Qualified Domestic Relations Order
Topics on this page
- What is a Qualified Domestic Relations Order (QDRO)?
- Do I need a QDRO?
- Can I draft my own QDRO?
- Is there a limit on the percentage of the retirement plan benefit that can be assigned to someone else under a QDRO?
- When can a QDRO be issued?
- How can a QDRO be used?
- What paperwork should I take to my attorney?
- Will the plan type make a difference in the complexity or cost to create a QDRO?
- What type of plan do I or does my spouse have?
- What are some options for dividing a pension under a QDRO?
- How do I get information about my spouse’s retirement plan? My spouse refuses to give me a copy.
- When can I receive benefits under a QDRO?
A Qualified Domestic Relations Order (QDRO - pronounced “quad row”) is a specific type of domestic relations court order that recognizes the right of an “alternate payee” to receive all or part of a retirement or pension plan, which belongs to another person. The reference to QDROs in this article is a general discussion that may be relevant to many types of retirement orders, and not exclusively QDROs.
- An alternate payee is the spouse, former spouse, child, or other dependent of the “participant” as identified in the QDRO.
- The participant is the employee covered by the retirement plan.
A QDRO is usually used to:
- provide support payments (temporary or permanent) to an “alternate payee” or
- divide retirement or pension plans accumulated during the marriage when a divorce is granted.
There are two common ways that the division of retirement or pension plans is decided in a divorce.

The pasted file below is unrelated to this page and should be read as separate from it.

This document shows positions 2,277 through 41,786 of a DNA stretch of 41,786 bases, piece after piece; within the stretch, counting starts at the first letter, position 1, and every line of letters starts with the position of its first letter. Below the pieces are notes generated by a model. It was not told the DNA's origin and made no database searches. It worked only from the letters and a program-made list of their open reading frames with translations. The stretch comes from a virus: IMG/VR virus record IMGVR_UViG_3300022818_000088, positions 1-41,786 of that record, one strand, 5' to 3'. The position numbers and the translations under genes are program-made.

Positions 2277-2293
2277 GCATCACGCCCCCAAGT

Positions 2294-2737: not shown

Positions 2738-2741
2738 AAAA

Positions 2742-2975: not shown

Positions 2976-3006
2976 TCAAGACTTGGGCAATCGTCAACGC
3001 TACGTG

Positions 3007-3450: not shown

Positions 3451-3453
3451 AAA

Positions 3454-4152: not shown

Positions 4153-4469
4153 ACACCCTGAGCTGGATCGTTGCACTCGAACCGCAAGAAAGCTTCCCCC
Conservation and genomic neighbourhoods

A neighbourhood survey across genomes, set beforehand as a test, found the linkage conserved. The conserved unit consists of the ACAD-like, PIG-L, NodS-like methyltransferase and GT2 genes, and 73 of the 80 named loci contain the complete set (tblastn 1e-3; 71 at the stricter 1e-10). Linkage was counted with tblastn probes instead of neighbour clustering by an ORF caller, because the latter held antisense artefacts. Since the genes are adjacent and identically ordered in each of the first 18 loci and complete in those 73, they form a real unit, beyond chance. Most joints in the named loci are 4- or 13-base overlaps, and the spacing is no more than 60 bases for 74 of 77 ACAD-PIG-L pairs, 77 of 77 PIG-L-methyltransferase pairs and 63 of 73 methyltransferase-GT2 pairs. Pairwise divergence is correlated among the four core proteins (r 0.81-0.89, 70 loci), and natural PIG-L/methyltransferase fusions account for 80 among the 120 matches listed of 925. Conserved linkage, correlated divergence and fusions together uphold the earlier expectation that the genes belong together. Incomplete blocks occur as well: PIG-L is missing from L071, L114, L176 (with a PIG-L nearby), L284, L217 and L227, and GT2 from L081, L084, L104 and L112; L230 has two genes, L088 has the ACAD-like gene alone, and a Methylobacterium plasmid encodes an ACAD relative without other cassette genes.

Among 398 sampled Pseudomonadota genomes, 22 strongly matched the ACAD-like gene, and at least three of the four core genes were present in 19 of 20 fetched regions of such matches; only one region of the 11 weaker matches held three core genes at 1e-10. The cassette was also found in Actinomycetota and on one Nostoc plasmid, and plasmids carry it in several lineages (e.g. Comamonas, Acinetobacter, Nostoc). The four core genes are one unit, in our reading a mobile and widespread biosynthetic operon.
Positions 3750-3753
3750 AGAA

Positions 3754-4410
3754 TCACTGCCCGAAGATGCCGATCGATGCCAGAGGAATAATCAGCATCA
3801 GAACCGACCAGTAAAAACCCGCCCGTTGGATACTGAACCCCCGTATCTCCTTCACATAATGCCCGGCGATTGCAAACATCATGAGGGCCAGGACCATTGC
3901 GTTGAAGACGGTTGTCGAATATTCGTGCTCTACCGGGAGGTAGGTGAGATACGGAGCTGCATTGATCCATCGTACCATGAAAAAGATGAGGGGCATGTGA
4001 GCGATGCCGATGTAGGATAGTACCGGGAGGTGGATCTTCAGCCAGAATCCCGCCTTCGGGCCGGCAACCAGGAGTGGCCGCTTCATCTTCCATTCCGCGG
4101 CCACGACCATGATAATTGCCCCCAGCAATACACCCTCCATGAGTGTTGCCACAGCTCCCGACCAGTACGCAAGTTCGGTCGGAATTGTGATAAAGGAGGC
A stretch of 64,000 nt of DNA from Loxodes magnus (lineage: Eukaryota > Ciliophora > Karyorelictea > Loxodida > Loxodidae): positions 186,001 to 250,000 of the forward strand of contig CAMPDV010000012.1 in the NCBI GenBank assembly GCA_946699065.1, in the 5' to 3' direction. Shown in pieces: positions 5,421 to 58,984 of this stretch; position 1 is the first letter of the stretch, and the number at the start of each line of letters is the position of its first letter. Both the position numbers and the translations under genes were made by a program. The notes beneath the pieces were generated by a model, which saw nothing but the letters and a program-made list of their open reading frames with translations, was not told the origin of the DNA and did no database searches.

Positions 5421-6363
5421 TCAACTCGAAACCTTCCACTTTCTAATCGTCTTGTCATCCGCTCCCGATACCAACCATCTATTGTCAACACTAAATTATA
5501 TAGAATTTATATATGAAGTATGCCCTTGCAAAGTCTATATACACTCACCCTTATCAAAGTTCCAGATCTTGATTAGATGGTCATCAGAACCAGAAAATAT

- by agreement of the parties; or
- by the court if the parties cannot agree.
A division of a retirement account or pension plan can be accomplished at the time the divorce is granted. In almost all instances, a court order is required for the division to be complete.
Some retirement assets will be divided by a rollover from one retirement account to another (unless the receiving spouse elects to receive cash, which will trigger taxes and may result in penalties). Other retirement assets, like pensions, may be divided so that the recipient spouse receives pension payments in the future, often tied to the retirement of the employee spouse. Pension plans may also offer the former spouse rights to benefits that do not exist in retirement plans like 401(k)s, IRAs, and the like. The division of a pension plan can involve survivor benefits, payment of those benefits, trigger entitlement to life or health insurance, and cost of living adjustments (COLAs), among others.
A QDRO must meet certain requirements under federal and/or state laws in order for it to be valid, accepted, and followed by the retirement or pension plan.
Read the Law: 29 U.S.C. 1056
A QDRO must be issued by a “state authority” (usually a court) through a judgment, order, or decree, which addresses a property settlement. Not all domestic relations orders “qualify” and can divide a pension plan.
The administrator of the retirement or pension plan must decide whether the order submitted is acceptable to the plan and will be followed by the plan. Some plans will review a draft QDRO, which may involve a review fee and advise if the QDRO is acceptable before it is submitted to the court. Other plans will not review a draft QDRO, and the QDRO may need to be amended after review and rejection by the plan.
The timing of the preparation and entry of the QDRO by the court, in relation to the granting of the divorce and/or retirement of the employee spouse, can be very important and depends upon the particular retirement or pension plan. You should consider consulting with an attorney about whether this timing could impact your rights to a retirement or pension plan.